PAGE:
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New Blood Thinner Promising

Prasugrel Works Better Than Standard Plavix but Carries Bleeding Risk

Prasugrel Benefits People With Diabetes

Further analysis showed that people with diabetes really benefited from the new drug. Those given prasugrel were 30% less likely to have a heart attack or stroke or die of heart disease or stroke, compared with those given Plavix.

But prasugrel proved particularly dangerous for people who had had a previous stroke. That group, which accounted for 4% of study participants, faced a significantly increased risk of having a heart attack or stroke, dying of any cause, or suffering a major bleed if they were given prasugrel.

People 75 and older, or who weighed less than 132 pounds, were neither helped nor harmed by the new drug. "They had less cardiovascular events and more bleeding, so the net benefit was near unity," Antman says.

He says he believes these people, who accounted for 16% of study participants, would benefit from a lower dose of the drug, though that remains to be tested.

Prasugrel More Potent Than Plavix

Prasugrel blocks platelet clumping more rapidly, more consistently, and to a greater degree than Plavix, Antman says.

That's important because some people who get stents develop blood clots and have heart attacks or die despite blood-thinning treatment with Plavix and aspirin, says Sidney Smith, MD, a past president of AHA and a heart doctor at the University of North Carolina in Chapel Hill.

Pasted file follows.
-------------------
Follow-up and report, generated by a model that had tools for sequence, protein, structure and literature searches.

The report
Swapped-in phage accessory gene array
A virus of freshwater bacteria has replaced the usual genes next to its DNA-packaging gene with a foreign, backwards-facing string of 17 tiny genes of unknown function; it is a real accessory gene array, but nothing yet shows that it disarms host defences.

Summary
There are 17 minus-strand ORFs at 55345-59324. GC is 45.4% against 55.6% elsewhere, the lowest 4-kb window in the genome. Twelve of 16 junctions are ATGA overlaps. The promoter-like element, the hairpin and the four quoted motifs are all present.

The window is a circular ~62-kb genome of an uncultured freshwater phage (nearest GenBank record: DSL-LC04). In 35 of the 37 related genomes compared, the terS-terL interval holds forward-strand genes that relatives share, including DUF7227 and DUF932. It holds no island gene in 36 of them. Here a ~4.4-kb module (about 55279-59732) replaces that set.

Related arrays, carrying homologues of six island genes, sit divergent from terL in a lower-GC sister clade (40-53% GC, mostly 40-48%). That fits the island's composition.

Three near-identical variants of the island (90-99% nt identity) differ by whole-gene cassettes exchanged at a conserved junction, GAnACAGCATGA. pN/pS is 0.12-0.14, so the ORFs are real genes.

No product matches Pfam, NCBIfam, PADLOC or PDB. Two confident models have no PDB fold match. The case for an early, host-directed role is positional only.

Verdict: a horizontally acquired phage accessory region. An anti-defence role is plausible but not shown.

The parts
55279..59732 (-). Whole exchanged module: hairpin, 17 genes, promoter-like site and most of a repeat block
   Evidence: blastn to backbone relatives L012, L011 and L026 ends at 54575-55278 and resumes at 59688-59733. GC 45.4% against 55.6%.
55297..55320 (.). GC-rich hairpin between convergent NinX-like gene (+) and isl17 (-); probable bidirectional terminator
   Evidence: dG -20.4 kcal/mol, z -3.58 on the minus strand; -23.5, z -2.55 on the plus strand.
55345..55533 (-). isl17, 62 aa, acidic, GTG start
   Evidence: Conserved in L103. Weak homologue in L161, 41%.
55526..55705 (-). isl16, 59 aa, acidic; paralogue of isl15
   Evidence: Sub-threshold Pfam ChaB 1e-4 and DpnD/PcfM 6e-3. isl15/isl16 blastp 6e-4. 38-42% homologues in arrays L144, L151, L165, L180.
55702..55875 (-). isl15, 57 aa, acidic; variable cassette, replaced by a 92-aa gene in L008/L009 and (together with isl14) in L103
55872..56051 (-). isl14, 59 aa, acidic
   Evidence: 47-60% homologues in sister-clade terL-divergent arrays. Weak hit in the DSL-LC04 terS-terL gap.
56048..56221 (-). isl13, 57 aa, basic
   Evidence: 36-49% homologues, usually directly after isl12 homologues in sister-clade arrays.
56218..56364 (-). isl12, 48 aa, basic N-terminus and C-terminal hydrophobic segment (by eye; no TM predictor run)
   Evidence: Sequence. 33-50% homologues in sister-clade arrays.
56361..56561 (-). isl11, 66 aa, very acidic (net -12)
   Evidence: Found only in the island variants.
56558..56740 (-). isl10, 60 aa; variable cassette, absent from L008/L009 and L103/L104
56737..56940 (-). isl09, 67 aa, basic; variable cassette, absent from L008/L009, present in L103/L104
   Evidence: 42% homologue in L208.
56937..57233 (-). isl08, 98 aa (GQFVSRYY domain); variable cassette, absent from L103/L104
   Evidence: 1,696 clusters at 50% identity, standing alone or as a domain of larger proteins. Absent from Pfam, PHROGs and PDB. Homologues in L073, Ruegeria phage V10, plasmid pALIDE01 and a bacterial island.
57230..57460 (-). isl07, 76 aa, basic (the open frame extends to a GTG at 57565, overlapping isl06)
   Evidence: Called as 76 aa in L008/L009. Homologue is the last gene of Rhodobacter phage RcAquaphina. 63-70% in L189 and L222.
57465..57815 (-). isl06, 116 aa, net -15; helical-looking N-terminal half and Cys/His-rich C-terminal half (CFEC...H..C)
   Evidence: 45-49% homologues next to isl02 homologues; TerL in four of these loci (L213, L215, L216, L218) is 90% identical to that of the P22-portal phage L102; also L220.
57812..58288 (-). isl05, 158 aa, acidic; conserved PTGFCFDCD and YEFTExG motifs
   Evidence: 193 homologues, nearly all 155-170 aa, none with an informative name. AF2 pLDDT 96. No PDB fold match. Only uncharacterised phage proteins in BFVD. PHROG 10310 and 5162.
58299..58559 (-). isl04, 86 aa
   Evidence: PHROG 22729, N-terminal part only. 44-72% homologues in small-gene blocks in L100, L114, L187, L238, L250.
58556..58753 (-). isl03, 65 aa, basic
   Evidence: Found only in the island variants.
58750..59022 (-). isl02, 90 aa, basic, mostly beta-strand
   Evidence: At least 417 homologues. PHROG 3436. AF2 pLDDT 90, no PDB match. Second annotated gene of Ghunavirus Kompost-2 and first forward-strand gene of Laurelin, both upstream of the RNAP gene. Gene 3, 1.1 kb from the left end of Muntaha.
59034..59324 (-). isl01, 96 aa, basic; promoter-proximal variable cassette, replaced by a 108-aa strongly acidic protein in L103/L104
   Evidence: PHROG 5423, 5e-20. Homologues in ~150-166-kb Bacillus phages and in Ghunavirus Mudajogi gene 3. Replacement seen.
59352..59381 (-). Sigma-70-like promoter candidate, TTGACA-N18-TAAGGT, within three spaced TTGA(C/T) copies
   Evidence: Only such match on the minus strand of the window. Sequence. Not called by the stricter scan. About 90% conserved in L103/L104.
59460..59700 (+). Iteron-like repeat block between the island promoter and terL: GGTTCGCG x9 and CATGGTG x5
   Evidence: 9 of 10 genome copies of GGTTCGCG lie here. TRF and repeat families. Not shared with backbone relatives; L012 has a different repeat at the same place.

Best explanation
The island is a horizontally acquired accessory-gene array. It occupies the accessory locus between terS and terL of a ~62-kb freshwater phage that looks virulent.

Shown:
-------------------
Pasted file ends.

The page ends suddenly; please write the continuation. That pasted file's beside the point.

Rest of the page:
"A more aggressive therapy might lower that risk," he tells WebMD.

Further Study Needed

While generally upbeat about the results, Smith and other experts called for further study to delineate which people would most benefit.

"The additional benefits of prasugrel are very impressive if, as suggested, we can accurately predict the minority of patients who would be at higher risk of bleeding from the drug," Smith says.

Raymond Gibbons, MD, a past president of the AHA and a cardiologist at the Mayo Clinic in Rochester, Minn., tells WebMD that he believes that prasugrel's benefits outweigh its risks.

"If I treat 150 patients, I'll have three fewer heart attacks at a cost of one major bleed. I think it's worth it," he tells WebMD.

With further study, "we'll be smarter about who should and shouldn't get the drug," Gibbons says.

Gordon Tomaselli, MD, chairman of the committee that picked which studies to highlight at the meeting and chief of cardiology at Johns Hopkins University School of Medicine in Baltimore, tells WebMD that he has concerns about the bleeding and would like to see more study before the drug is approved.

Prasugrel is being developed by Eli Lilly and Co. and Daiichi Sankyo Co., which funded the research.

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